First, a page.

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The 3 Key Things You Need to Know About Meal Prepping

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Want to see more posts from Meal Prep Week? Search for #MealPrepWeek or see a recap of all of the posts here.

A year ago I took on a project that had me waking up early and commuting back-and-forth to Philly for work each day. On most days, I didn’t mind the drive; it was a nice change in routine that gave me plenty of time to catch up on a few podcasts as well as episodes of Howard Stern.

Re-establishing good habits, like taking time on the weekends to plan meals and outfits for the upcoming week, made my life a lot easier. One of my biggest challenges— the scramble to figure out what to put together for dinner at the end of the day, or saying screw it and stopping to eat at a restaurant on the way home—was eliminated, thanks to advance meal prep and big-batch cooking on the weekends.

There are a lot of meal prep resources and recipes available out there, but the three best tips that I can offer—tried, tested, and successful—are these.

  1. Stick to familiar and easy-to-make meals. Soups, sauces, and casseroles that can be thawed, heated, and eaten as-is or quickly added to something, like pasta or rice, are my favorites. In the summer, I like making big batches of pesto with basil from my garden or the farmers market. I top it with a little bit of olive oil (to prevent browning, a result of oxidation), store it in a plastic container, mark with the date and contents, and freeze. I do the same thing with various soups and chilis, which I make weekly in the winter.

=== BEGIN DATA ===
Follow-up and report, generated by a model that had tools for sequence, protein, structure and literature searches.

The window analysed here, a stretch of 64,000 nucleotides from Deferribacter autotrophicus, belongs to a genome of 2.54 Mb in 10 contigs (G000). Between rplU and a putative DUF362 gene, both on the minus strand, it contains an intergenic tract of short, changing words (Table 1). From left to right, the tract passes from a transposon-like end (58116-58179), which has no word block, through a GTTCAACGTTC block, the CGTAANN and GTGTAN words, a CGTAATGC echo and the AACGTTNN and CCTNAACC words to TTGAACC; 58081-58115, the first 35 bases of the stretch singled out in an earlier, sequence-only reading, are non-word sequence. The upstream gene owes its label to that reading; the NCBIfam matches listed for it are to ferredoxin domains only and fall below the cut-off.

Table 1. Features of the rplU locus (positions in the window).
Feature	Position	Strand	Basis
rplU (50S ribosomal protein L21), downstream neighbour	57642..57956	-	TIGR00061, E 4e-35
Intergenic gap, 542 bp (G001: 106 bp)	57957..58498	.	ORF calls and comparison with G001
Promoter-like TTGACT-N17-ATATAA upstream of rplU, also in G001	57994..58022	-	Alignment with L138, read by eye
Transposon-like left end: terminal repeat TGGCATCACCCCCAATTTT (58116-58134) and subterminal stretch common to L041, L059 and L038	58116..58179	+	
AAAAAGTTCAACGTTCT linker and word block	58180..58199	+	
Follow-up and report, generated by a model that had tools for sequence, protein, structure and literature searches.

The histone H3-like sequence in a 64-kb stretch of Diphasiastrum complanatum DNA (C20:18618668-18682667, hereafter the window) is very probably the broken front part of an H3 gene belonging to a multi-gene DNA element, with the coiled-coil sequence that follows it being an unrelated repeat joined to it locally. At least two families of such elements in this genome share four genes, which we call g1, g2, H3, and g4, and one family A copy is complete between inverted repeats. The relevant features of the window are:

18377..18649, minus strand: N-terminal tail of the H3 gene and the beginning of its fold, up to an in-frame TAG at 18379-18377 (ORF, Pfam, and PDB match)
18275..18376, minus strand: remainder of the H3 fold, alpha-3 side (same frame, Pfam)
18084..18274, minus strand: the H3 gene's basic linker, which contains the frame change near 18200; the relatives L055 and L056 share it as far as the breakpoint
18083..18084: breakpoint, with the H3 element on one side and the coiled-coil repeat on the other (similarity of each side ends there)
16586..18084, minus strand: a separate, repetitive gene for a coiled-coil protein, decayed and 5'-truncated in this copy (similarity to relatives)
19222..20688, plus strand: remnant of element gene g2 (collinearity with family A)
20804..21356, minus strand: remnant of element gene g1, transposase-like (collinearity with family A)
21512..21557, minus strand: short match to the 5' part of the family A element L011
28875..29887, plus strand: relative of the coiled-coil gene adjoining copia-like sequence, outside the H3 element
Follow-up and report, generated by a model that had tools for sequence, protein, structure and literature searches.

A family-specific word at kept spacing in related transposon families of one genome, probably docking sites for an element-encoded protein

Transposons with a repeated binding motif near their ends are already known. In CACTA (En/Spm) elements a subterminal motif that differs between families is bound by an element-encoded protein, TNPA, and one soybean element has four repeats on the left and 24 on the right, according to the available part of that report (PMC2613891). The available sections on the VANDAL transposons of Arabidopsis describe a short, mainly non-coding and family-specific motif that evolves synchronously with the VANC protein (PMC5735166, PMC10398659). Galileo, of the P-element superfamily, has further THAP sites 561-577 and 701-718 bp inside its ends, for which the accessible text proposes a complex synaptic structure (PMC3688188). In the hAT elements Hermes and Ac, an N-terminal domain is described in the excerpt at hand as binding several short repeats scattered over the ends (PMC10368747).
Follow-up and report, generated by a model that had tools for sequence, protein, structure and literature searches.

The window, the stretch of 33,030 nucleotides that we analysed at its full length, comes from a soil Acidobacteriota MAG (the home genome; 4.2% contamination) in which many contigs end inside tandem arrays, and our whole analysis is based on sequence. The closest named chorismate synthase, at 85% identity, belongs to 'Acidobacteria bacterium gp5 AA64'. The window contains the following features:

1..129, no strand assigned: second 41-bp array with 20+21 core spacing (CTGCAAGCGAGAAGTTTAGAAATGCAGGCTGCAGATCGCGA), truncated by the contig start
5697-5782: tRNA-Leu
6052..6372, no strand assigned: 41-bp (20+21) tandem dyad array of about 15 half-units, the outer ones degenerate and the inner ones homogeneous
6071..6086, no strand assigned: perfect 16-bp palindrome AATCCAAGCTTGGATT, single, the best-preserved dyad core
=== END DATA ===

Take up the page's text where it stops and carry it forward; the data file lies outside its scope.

2. Cook in quantities that make sense for you. For me, it’s quantities that can fed 2-4 people. Depending on what I’m making, this allows me to either feed the family or feed Steve and me with leftovers to freeze for a meal in a few weeks or store in the fridge to take for lunch during the following week. Try not to make too much because, believe me, you’ll get sick of this whole process and tired of eating whatever you made after the second day.
  3. Don’t feel compelled to conquer it all. If you can plan and cook every single meal, then more power to you. I typically focus on dinners since they tend to be the most time-consuming, rather than planning for every single meal of the day. I’d rather make one, quality meal that is a good dinner that keeps well for lunch the next day (or day after) and pack some snacks to eat at work then worry about doing too much and despising the process after a few weeks.

These three tips will get you started on your way of making the process of meal prepping enjoyable and sustainable over time.

Have any tips to share? Post them in a comment below.

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